The Wall Street Journal shows the following chart which pits two metrics against each other:
The primary metric is the change in median yearly salary between the two periods of time. We presume it's primary because of its presence in the chart title, and the blue bars being more readable than the green bubbles. The secondary metric is the median yearly salary in the later period.
That, I believe, was the intended design. When I saw this chart, my eyes went to the numbers inside the green bubbles. Perhaps it's because I didn't read the chart title first, and the horizontal axis wasn't labelled so it wasn't obvious what the blue bars coded.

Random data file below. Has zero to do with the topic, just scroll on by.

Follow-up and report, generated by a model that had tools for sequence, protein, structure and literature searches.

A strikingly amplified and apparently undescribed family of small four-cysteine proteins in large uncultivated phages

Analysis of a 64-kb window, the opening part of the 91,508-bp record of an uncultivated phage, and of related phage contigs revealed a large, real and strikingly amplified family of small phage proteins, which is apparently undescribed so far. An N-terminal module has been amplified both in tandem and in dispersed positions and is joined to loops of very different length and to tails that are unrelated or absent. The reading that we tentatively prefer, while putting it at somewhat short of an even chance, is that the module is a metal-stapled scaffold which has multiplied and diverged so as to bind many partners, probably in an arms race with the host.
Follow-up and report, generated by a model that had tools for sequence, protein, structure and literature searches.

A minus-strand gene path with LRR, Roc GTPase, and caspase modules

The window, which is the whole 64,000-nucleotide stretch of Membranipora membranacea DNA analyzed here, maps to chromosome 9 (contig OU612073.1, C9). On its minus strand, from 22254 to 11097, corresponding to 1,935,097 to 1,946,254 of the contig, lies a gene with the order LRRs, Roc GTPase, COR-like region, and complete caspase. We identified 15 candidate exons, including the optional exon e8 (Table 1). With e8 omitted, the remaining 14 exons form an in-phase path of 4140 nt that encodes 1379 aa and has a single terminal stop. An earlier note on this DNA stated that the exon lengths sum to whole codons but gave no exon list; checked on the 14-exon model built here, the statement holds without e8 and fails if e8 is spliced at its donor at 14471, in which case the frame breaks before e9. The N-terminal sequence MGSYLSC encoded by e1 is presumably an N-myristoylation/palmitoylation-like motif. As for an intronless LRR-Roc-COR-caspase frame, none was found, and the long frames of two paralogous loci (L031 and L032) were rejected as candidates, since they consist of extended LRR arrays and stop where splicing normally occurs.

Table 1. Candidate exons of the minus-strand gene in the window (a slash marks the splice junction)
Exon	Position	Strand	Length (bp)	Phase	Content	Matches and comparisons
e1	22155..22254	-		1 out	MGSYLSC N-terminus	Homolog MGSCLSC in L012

It's simply impossible to know what values should be in each bubble, or to perceive the relative sizes of those bubbles.
Reversing the order of the blue bars also helps:
The original order is one of the more annoying features in most visualization packages. Because internally, the categories are numbered 1, 2, 3, ..., and because the convention is to have values run higher as they run up the vertical axis, these packages would place the top-ranked item at the bottom of the chart.
Most people read top to bottom, which means that they read the least important item first, and the most important item last!
In most visualization packages, it takes only 1 click or 1 action to reverse the order of the items. Please do it!
For change over time, I like using a Bumps chart, otherwise called a slope graph: